It is now my fondest hope that whomever follows me will be able to accelerate the progress we have made in Oakland and speed the city closer toward that day when all its students graduate prepared to thrive in college, the workplace and in life.

Sincerely,

Dr. Kimberly Statham, State Administrator, Oakland Unified School District

Posted in Oakland | 3 Comments »

Oakland Space Academies: Mission Scrubbed?

Posted by novometro on September 12, 2007

Nearly a year ago, the Junior Space Exploration Academy and the Space Exploration Academy opened their doors in West Oakland with a plan to pioneer space-themed education in one of the city’s poorest neighborhoods.

The schools broke new ground, but it was not the sort of trailblazing they had hoped for when they launched with more than $1 million in startup money from the state. In February, their charters became the first to be revoked by Kimberley Statham, OUSD’s chief. Using a new law that had gone into effect only one month before, the charter schools became the first to stay open while appealing the revoked charters to the Alameda County Board of Education and the State Board of Education.

If the state board follows the advice of the California Department of Education next week, and votes to uphold OUSD’s revocation, the two charter schools will lose funding from the state and almost certainly close.

Greg Geeting, the interim director of charter schools for the California Department of Education, says that because this is the first time a charter school has appealed to the State Board of Education, the vote can’t be predicted.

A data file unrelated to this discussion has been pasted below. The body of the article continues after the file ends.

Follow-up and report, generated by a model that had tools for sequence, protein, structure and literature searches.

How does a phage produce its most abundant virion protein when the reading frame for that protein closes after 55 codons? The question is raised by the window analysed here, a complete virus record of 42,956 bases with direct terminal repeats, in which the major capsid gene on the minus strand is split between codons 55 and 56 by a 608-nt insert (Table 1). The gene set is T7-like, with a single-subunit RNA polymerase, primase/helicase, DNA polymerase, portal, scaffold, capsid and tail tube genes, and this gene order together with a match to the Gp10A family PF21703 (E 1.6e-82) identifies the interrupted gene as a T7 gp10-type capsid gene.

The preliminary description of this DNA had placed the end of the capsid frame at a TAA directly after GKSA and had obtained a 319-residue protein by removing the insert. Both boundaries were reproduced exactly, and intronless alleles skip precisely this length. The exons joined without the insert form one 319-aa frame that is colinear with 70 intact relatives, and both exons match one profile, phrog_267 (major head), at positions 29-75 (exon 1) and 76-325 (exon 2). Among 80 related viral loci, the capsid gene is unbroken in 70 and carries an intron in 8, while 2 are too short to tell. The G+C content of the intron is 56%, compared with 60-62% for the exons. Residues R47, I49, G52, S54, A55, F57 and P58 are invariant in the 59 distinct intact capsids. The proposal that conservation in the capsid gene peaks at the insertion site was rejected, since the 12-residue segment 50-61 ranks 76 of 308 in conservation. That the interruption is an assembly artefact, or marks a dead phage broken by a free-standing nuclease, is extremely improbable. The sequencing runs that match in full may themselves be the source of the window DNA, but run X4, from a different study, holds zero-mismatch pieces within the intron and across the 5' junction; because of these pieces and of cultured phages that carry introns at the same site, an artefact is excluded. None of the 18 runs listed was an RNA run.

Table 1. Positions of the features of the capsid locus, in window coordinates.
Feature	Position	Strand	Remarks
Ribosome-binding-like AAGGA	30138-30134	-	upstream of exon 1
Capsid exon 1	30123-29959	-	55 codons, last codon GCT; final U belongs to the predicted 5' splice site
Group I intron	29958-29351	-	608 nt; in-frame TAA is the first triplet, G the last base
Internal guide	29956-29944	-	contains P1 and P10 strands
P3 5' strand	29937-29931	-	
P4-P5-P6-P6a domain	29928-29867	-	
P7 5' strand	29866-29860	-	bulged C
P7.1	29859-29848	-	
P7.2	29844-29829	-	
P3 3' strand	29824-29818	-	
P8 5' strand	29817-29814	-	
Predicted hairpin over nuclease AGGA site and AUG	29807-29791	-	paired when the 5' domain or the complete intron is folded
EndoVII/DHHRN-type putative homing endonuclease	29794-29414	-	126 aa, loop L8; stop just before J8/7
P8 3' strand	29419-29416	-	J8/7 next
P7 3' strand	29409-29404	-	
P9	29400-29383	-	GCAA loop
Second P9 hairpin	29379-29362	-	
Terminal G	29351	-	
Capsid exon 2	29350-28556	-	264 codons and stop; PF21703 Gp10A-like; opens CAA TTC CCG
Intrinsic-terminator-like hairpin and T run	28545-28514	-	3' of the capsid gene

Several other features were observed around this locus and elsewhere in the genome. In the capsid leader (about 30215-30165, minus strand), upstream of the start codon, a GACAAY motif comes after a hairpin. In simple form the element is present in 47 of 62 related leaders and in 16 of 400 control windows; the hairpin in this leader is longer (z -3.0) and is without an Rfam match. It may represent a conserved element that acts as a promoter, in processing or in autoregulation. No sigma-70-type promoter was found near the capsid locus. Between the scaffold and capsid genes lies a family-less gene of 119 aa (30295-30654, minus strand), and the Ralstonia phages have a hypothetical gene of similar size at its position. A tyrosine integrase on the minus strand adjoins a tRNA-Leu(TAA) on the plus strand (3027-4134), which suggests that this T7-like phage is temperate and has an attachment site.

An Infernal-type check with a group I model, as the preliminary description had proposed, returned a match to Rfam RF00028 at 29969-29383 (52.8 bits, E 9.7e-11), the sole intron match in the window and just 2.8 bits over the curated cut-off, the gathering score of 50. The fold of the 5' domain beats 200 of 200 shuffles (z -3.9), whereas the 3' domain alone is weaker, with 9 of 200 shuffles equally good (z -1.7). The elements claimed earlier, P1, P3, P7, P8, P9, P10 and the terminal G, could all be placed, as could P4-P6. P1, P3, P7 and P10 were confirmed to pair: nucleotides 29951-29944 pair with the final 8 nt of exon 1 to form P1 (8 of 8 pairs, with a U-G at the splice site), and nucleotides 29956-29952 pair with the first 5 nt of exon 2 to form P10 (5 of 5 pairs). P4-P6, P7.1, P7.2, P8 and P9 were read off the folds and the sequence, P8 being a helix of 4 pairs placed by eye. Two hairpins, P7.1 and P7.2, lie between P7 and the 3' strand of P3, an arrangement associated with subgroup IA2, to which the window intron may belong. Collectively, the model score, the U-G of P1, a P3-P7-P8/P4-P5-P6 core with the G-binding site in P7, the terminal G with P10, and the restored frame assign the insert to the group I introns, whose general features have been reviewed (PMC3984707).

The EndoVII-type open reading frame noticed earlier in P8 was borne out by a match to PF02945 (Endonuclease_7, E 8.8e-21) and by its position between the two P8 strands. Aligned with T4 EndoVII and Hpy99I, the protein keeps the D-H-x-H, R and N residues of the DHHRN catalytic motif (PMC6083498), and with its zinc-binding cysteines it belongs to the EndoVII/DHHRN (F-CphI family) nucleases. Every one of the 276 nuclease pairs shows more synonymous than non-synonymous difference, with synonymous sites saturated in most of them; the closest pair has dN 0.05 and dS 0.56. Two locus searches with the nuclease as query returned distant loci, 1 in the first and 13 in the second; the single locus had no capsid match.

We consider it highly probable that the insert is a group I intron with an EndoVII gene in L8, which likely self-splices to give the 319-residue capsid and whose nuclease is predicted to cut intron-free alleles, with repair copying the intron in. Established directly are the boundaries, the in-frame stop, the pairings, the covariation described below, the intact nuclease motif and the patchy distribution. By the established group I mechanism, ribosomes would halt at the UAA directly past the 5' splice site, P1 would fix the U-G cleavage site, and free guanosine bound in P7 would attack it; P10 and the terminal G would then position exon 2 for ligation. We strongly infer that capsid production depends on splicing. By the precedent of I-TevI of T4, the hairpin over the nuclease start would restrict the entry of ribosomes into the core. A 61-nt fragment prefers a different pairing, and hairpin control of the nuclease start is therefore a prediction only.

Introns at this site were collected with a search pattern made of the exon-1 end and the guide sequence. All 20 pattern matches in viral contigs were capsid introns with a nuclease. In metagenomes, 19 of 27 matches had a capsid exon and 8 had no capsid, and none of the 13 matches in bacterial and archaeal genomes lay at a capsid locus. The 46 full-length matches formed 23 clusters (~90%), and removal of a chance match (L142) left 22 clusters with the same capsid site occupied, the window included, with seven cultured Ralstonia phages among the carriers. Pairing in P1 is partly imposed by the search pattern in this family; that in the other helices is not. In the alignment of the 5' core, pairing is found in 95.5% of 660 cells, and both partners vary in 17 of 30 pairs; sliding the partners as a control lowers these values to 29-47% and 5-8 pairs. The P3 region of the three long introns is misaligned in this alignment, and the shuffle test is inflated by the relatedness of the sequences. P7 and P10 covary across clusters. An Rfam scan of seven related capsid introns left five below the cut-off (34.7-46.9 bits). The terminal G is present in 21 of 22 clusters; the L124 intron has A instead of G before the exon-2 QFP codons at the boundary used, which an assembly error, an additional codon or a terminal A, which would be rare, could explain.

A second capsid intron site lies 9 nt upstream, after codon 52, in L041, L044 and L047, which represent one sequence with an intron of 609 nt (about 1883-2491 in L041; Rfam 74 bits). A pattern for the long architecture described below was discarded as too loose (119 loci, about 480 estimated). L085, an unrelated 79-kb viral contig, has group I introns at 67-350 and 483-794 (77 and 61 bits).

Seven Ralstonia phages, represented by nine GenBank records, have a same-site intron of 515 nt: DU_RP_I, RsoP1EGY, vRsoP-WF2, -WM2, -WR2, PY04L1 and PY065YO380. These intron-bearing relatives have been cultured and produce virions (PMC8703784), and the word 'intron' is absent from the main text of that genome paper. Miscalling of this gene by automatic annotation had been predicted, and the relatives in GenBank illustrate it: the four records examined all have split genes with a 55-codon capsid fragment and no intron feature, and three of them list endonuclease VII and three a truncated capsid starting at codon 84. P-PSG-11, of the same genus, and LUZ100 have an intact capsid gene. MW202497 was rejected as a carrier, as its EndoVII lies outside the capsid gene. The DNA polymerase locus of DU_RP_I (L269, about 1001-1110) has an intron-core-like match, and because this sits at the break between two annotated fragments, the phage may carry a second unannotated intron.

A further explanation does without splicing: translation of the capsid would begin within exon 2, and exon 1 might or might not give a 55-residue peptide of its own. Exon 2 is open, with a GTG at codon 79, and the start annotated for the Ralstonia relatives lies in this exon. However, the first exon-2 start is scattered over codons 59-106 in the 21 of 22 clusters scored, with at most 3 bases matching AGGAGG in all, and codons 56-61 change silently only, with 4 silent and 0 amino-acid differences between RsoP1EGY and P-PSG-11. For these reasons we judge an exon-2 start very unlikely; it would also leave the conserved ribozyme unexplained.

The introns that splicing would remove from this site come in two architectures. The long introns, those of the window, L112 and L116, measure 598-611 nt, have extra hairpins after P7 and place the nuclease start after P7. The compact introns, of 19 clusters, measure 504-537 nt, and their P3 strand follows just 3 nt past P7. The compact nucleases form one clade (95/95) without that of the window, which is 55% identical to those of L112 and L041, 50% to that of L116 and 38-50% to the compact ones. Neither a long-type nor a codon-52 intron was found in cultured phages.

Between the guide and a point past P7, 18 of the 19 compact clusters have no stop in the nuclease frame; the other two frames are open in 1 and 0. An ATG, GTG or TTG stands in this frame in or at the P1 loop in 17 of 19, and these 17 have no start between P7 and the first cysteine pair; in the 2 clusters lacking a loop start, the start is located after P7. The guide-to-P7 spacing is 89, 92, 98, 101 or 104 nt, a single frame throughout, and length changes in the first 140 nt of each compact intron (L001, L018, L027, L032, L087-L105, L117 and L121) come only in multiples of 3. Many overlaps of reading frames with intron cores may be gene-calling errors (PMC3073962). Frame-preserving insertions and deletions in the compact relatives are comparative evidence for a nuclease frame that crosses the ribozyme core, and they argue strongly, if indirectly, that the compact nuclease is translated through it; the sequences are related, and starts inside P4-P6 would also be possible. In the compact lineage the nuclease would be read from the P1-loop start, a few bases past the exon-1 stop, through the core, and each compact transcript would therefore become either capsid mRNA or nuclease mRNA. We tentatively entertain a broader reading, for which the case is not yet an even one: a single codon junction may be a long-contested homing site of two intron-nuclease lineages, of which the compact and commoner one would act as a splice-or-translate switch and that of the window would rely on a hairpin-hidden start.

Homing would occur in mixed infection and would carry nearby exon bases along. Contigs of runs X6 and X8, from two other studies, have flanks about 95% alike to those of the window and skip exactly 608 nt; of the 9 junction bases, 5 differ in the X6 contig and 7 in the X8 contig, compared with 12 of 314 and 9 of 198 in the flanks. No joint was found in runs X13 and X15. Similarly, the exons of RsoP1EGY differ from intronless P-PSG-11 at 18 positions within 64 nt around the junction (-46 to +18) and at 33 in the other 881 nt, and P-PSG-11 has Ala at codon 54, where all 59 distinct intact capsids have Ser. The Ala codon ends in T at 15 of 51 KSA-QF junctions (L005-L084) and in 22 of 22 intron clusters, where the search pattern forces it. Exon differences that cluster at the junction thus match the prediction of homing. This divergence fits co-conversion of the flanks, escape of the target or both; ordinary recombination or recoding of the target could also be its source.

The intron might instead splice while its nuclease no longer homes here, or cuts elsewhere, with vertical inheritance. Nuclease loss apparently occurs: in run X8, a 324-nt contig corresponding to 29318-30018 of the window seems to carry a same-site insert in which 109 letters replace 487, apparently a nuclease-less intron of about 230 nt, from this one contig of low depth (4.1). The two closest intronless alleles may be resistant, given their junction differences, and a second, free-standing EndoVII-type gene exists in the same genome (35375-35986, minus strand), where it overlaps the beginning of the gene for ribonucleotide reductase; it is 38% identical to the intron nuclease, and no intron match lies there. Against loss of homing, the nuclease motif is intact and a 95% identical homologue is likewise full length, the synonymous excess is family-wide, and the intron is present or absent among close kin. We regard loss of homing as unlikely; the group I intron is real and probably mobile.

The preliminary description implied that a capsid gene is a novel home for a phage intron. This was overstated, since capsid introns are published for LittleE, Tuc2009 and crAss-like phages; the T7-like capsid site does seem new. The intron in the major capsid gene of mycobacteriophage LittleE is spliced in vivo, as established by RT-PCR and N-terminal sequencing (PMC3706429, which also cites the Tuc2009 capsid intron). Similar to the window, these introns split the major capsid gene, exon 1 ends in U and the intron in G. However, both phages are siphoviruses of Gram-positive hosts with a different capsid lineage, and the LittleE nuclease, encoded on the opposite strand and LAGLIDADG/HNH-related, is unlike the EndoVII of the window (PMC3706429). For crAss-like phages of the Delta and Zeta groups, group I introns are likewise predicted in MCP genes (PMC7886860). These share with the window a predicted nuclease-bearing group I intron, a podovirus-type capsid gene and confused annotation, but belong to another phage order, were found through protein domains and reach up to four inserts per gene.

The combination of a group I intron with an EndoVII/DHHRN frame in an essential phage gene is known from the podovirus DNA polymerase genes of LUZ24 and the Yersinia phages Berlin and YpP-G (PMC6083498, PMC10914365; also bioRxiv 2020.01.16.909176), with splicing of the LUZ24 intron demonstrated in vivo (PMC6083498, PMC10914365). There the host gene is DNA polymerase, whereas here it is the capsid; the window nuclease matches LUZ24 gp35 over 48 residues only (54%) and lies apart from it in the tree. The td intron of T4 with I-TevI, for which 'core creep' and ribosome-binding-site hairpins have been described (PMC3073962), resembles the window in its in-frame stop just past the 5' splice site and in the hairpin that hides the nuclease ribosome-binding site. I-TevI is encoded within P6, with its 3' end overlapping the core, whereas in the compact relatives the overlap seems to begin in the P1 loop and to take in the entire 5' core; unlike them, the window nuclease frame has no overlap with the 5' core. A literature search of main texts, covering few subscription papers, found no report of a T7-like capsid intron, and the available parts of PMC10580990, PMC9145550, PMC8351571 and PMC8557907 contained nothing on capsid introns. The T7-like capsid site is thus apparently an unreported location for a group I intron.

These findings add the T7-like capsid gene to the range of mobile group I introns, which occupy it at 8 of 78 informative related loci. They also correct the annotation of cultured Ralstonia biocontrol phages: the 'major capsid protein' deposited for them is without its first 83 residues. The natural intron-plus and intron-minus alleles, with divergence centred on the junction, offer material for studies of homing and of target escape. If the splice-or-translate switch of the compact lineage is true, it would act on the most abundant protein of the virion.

When Ms. Statham yanked the charters only a few months after the schools opened, the schools’ backers argued that OUSD should at least wait until the students had taken standardized tests and the results could show if the program was working. The scores are out and they won’t help the schools stay open.

For example, of the 15 students in the Space Exploration Academy who took standardized tests in the spring, only one was deemed proficient in math. The State Board of Education meeting is September 18. The report from the CDE is here.

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OUSD Test Score Slide Show

Posted by novometro on September 11, 2007

On Wednesday, OUSD will present this slide show detailing the district’s sorry performance on standardized tests in 2007. Nearly half of all students in the district are “below basic” or “far below basic” in math, and 41 percent of OUSD students fall into the same categories in reading and writing. Looking for some scrap of good news, two schools (Parker Elementary and Bella Vista) managed to test their way out of what’s known as Program Improvement. That’s a No Child Left Behind designation that leads to the school being shut down after too many years of being in the dreaded “PI.” Two schools (Rise Community and Far West High) on the brink of “PI” avoided the fate.